As any country in the world, Latvia also has its weak and strong sectors of economy. Nevertheless, for the better development and national positioning in the highly competitive world’s market it is at importance to acknowledge and cultivate the areas of strength, as those sectors' success can serve as a traction power for the weaker parts and the economy as a whole. There are two sectors, which could serve as the traction for the rest.
Historically, Latvia has been recognized in the field of engineering and early IT industry. Through the 20th century, work and products of Latvian companies and scientists in the field of engineering and IT have been in high demand. Starting from radios and its related products and devices for wider use and military, ending with cameras and medtech, tv’s and first network for USSR (AKADEMNET).
Apart from engineering and IT, Latvia has also been well known as the financial center for CEE, with a thriving banking sector interesting also for foreign players. The situation has changed in the last years. Since the renewal of Latvia’s independence in 1990, there have been established over 60 banks. Surely, some of them were unsuccessful and with quite short lifespan, however, it is natural at the beginning of development of any industry and it taught the necessary lessons for the development of the successful ones.
With such a rise of the banking sector in Latvia, it introduced necessity and thus initiated a push of development of skilled and professional banking sector human resources. With already more than 30 years from the beginning of the Latvian “banking era”, there are already 2nd and 3rd generation professionals, who have the banking and finance business as the main profession in their family, thus have really deep understanding and knowledge of processes within this industry.
However, due to the change of perception of the banking industry, the geopolitical reasons and regulatory measures, the banking sector has shrunk even more significantly over the last 12 years. Firstly, the Financial crisis of 2008 made a lot of banking experts re-evaluate their choice of profession and to use their knowledge of gaps in the Baking industry to jump into Fintech. Later on closure of eight banks in the last decade and reduction of employees in other have forced many of the banking and finance professionals to use their skills and expertise in other fields of non-traditional finance or banking outside Latvia. The amount of banking professionals, who have had to find new professional challenges in the last couple years can be estimated to be more than 3500. A lot of them have been recruited by banks and financial companies in other countries, as the Latvian Banking professionals in the International financial market are in high demand, due to the experience and deep knowledge in financial sectors, as an example AML/CTF rules, which is the positive result of extreme approach to these questions by Latvian regulators. Many people chose to use their skills and expertise in other fields of finance than banking, and as we can see, a lot of them have successfully deployed their knowledge in the field of Fintech, by creating and supporting plenty of internationally and locally recognized Fintech companies. For example: Mintos (Mārtiņš Šulte), Creamfinance (Matīss Ansviesulis), INDEXO (several former banking industry experts), Viasms Group (Georgijs Krasovickis), Altero (Artūrs Kostins), Crassula (Alex Novozhenov), Bitfury (Marat Kichikov), which just proves their potential.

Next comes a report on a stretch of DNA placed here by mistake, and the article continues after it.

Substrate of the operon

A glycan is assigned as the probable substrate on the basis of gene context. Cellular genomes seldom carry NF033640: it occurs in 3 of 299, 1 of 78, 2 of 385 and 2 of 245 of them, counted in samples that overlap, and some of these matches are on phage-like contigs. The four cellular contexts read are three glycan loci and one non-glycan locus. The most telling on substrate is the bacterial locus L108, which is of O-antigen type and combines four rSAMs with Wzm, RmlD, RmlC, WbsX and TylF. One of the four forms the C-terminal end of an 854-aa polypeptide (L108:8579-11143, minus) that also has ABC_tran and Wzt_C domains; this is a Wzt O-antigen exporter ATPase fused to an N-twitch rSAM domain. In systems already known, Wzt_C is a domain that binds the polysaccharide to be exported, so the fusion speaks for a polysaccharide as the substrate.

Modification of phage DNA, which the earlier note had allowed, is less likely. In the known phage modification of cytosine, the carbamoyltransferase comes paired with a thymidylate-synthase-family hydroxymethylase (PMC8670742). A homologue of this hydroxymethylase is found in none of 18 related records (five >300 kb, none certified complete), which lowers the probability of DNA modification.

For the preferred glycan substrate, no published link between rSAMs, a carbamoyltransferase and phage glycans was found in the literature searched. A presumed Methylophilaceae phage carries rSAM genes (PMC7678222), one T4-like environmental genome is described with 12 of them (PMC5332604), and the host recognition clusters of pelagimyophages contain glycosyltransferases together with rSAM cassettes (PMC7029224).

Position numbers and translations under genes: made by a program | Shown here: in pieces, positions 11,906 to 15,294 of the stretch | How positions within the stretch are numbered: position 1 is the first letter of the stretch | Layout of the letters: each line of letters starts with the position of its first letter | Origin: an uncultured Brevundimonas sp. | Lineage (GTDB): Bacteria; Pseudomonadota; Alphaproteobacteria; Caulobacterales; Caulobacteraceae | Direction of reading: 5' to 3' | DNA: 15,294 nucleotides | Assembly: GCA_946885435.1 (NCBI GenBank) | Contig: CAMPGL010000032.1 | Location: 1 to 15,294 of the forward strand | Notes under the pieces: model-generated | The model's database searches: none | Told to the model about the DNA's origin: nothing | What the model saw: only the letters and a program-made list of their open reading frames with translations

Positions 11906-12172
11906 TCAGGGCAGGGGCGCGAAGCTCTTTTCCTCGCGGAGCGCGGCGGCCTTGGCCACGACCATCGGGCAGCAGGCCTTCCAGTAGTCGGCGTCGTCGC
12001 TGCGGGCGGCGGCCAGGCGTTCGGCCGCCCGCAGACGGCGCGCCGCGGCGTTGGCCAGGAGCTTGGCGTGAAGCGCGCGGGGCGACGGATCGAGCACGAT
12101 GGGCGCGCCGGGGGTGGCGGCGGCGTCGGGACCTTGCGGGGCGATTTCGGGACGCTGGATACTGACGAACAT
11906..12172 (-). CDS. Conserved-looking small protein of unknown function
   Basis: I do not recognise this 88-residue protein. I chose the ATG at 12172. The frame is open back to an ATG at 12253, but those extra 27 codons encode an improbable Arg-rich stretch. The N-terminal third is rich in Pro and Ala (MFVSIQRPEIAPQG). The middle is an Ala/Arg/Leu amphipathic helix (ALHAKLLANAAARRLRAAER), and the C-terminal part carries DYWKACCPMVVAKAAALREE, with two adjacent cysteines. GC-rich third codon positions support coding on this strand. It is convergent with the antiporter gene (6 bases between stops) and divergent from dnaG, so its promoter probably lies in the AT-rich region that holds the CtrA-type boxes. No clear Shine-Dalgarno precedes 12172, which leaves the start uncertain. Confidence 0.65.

However, all the Fintech companies could not be possible to launch without strong and deep involvement from the IT industry professionals. Luckily, Latvian private sector IT professionals are highly skilled, being the 3rd export industry in Latvia, contributing in total more than 4,6% to the GDP and more than 2,05bn EUR in Exports combined IT industry products and services together. Latvia is saturated with many local and well known international IT and tech industry companies, as example: Accenture, Evolution, Mikrotik, Oracle, Emergn, Playtech and many others. By the latest available data, more than 37 000 are working in the Latvian IT and Tech sector and more than 23 000 people in the financial sector. In combination with people who have left the banking industry in the recent years, and Latvian professionals, who are working for financial and IT companies abroad, the total amount could be estimated around 90 000 - 100 000, which constitutes for around 5% of Latvian population.